Yad Vashem says Nazi imagery used to assuage European guilt

Images used around the world during violent protests against Israel's offensive against Hamas in Gaza.

By ETGAR LEFKOVITS
January 11, 2009 22:34
1 minute read.

 
X

Dear Reader,
As you can imagine, more people are reading The Jerusalem Post than ever before. Nevertheless, traditional business models are no longer sustainable and high-quality publications, like ours, are being forced to look for new ways to keep going. Unlike many other news organizations, we have not put up a paywall. We want to keep our journalism open and accessible and be able to keep providing you with news and analyses from the frontlines of Israel, the Middle East and the Jewish World.

As one of our loyal readers, we ask you to be our partner.

For $5 a month you will receive access to the following:

  • A user experience almost completely free of ads
  • Access to our Premium Section
  • Content from the award-winning Jerusalem Report and our monthly magazine to learn Hebrew - Ivrit
  • A brand new ePaper featuring the daily newspaper as it appears in print in Israel

Help us grow and continue telling Israel’s story to the world.

Thank you,

Ronit Hasin-Hochman, CEO, Jerusalem Post Group
Yaakov Katz, Editor-in-Chief

UPGRADE YOUR JPOST EXPERIENCE FOR 5$ PER MONTH Show me later

The employment of Nazi images in anti-Israel rallies around the world during violent protests against Israel's offensive against Hamas in Gaza is intended to both allay European guilt over the Holocaust and deny the legitimacy of the Jewish state, a senior Yad Vashem official said on Sunday. "By accusing us of being Nazi-like, Europeans alleviate some of their own feelings of guilt and responsibility for the Holocaust," said Dr. Robert Rozett, director of the Yad Vashem Libraries. "Moreover, by saying that the Jews are acting like Nazis, they are delegitimizing the very existence of the State of Israel," Rozett said. The "very intense" and "extremely ugly" use of Nazi imagery, not a new phenomenon, was also meant to draw attention to what was happening in Gaza, he said. "Most people know just enough about the Holocaust to make superficial equations to it," Rozett said. The remarks came days after Israel condemned a senior Vatican official for comparing conditions in the Gaza Strip to a "concentration camp." The anti-Israel protests in Europe "were worse than ever before," said Abraham H. Foxman, national director of the New York-based Anti-Defamation League, in a telephone interview from New York, adding that, fueled by the Internet, there was "no shame, no hesitancy and no restraints" anymore in comparing Israel with the Nazis. "Anti-Semitism in Europe was never really rooted out, just contained," he said.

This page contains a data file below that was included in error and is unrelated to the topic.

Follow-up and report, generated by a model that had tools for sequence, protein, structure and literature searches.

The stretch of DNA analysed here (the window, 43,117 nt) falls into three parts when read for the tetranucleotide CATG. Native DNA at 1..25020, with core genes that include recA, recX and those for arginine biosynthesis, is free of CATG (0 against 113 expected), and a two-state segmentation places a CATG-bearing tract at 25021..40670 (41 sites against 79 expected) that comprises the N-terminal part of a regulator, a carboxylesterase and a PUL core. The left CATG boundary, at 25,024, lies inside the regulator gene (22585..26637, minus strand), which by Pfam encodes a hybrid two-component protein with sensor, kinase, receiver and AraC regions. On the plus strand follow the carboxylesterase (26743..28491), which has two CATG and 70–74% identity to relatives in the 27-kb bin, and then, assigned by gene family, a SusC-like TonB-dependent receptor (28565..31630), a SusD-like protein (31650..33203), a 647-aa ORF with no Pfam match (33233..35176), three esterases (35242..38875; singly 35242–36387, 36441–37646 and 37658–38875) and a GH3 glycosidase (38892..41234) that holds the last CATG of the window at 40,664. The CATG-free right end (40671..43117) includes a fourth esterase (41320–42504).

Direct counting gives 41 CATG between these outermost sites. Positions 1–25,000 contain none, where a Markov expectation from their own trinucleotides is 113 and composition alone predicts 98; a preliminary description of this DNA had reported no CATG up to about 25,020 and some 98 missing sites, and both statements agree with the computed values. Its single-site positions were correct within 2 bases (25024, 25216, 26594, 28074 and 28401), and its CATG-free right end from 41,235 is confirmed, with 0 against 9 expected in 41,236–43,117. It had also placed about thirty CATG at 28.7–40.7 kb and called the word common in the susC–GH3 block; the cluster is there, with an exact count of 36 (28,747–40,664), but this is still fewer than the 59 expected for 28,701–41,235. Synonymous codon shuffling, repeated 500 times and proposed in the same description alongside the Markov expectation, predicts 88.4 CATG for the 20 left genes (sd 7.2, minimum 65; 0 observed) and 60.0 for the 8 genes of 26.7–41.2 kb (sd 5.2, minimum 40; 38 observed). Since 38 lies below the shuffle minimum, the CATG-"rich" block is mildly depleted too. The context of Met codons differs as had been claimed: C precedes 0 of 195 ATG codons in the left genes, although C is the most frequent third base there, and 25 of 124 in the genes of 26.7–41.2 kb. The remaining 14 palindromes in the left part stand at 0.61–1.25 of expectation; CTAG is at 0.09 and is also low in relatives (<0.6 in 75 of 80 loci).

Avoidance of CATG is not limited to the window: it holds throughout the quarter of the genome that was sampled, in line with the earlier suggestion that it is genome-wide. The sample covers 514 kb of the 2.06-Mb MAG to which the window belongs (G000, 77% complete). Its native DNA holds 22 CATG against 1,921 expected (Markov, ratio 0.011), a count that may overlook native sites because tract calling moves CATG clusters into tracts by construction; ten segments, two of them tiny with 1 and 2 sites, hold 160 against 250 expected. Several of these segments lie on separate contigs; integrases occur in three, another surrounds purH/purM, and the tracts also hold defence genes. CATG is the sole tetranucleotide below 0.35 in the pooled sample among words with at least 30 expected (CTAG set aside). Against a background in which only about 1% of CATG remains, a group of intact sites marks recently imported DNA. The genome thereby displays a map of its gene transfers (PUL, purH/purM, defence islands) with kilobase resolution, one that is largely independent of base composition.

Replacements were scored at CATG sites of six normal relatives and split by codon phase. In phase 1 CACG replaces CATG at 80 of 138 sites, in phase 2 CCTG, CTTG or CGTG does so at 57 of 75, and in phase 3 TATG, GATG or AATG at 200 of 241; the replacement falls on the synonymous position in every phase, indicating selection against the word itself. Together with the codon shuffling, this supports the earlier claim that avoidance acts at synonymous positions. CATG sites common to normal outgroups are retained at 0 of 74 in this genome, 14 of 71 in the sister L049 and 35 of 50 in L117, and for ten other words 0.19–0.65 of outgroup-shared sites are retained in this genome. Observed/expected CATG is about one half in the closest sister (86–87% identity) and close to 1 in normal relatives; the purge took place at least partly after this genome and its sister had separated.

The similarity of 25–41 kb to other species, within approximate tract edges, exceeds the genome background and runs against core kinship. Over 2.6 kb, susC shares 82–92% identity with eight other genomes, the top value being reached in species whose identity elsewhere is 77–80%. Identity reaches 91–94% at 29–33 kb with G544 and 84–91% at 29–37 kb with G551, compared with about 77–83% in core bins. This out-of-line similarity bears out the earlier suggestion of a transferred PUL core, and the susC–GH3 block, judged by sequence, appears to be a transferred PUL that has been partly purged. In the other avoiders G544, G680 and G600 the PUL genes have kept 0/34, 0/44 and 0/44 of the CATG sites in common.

Join Jerusalem Post Premium Plus now for just $5 and upgrade your experience with an ads-free website and exclusive content. Click here>>

Related Content

Joan Rivers
August 28, 2014
Joan Rivers rushed to hospital following throat surgery

By JPOST.COM STAFF